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Sat May 30 04:01:31 EST 1998


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On Sat, 23 May 1998 10:19:12 GMT, staplei at planet.ari.dpi.qld.gov.au
(Ian Staples) wrote:

>Jackie Potts <jacqueline.potts at bbsrc.ac.uk> writes:
>
>>Oz wrote:
>>> I am afraid your protestations are simply invalid. I think the main
>>> reason is that you can't be bothered, unlike the US academic
>>> institutions.
>>>
>>We are bothered, but we have to be realistic. We are required to realise
>>our assets. Have you tried getting access to Ordnance Survey data, soil
>>survey data or even met. data from the Met. Office for free? They were
>>all publicly funded.
>
>At the risk of boring you all, allow me to say once again that I suspect
>the fundamental problem is in the cultural background of the two countries
>(UK and USA).  Indeed, you could add a third by including us (Australia)
>in with the UK in this context.
>
>You poms and we aussies have been brought up in a system where "the
>Crown" owns and controls things, and we peasants are only allowed
>such privileges as the Crown deigns to pass down to us -- even when,
>as in this case, the poor bloody peasants have paid for most or all
>of it through taxes or whatever.  We accept it because that's the
>way it is and always was.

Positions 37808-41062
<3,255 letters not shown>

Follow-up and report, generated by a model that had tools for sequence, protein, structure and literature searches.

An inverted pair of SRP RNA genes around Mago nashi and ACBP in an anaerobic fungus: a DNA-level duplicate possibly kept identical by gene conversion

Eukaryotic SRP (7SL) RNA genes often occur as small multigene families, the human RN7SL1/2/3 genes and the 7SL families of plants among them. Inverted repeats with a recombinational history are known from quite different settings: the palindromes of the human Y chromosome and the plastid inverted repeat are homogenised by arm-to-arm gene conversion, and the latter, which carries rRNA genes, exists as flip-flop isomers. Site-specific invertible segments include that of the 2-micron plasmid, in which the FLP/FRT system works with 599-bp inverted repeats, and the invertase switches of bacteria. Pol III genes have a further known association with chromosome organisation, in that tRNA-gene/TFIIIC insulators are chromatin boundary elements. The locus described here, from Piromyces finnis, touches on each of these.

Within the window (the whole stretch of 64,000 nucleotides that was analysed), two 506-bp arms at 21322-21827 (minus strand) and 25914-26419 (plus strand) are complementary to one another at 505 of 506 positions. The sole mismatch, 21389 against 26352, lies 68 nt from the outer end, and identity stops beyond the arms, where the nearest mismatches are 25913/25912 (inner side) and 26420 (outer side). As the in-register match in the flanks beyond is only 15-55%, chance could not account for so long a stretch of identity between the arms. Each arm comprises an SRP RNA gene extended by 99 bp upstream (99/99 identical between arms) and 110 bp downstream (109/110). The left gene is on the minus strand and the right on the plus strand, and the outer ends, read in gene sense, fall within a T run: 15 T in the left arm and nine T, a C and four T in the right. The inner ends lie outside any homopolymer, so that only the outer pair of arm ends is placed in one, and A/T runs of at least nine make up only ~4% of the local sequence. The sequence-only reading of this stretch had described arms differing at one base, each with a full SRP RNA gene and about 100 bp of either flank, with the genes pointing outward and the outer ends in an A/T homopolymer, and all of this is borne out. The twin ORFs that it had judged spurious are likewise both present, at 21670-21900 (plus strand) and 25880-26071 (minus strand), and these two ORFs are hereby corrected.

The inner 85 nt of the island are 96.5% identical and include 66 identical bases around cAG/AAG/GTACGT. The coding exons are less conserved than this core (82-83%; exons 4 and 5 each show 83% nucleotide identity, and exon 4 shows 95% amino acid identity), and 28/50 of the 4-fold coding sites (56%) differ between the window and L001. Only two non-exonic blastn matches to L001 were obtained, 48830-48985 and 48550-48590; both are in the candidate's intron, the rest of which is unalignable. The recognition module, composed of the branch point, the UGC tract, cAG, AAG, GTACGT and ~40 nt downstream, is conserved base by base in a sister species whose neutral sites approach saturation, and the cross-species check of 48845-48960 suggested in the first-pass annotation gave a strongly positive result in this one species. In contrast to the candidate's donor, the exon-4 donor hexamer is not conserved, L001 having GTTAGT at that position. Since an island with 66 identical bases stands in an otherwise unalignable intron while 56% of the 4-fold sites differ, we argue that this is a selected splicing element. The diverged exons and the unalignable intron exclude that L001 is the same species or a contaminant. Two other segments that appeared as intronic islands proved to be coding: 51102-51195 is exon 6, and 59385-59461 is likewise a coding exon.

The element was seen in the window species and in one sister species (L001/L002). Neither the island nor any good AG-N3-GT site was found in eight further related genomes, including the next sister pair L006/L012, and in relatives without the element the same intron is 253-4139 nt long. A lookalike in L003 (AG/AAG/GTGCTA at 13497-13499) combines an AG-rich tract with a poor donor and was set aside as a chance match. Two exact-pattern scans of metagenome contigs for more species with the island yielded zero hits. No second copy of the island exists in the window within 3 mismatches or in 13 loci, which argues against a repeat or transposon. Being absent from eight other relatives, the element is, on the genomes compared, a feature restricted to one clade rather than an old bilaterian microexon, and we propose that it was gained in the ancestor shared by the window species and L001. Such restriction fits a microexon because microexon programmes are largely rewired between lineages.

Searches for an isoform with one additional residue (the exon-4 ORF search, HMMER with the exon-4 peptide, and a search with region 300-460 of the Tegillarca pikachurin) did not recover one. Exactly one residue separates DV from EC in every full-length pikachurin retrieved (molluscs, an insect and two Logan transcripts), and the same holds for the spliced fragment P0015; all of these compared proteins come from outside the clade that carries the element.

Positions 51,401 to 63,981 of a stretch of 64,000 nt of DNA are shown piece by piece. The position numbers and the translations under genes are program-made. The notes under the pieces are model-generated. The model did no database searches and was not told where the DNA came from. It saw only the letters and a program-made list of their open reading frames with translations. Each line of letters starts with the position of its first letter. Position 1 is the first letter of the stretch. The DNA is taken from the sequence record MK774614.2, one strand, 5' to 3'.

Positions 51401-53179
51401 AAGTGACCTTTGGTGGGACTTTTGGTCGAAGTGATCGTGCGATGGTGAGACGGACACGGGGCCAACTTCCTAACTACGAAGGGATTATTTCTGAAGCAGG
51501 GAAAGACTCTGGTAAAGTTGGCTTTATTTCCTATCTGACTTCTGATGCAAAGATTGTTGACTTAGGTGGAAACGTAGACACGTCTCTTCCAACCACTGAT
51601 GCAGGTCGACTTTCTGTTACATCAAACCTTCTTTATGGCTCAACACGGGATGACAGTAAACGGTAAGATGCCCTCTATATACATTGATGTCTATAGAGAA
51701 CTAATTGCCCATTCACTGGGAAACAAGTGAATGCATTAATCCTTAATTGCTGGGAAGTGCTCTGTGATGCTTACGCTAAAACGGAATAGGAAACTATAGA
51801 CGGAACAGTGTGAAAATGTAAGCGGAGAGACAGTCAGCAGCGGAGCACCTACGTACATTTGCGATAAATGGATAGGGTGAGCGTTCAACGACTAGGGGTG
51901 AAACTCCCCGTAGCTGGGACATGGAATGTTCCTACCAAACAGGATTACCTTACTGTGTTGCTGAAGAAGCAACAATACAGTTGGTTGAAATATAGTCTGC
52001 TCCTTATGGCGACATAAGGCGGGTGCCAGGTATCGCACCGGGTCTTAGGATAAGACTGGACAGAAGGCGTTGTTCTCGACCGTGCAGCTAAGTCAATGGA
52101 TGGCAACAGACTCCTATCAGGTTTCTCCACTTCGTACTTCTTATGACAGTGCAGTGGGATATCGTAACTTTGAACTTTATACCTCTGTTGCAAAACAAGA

>
>The yanks, on the other hand, went though a bloody revolution to get
>rid of the Crown, and they are consequently much more aware of such
>things as civil rights and who's the servant of who.  They *know*
>that the government and its institutions belong to "the people", not
>the other way round!
>
>On top of that, or probably as a consequence of it, it seems that
>the yanks have arranged things so that their government institutions
>are obliged to make information available to the people for the cost
>of physical reproduction (i.e. no mark up for the cost of gathering
>the information to begin with -- after all, "the people" have already
>paid for that).
>
>I'd be interested to know just how far that concept still applies
>in the US with the rise of so-called "economic rationalism".  
>"User pays" is certainly all the rage here these days, even though 
>that does usually mean twice! 
>
>Cheers,  Ian S.




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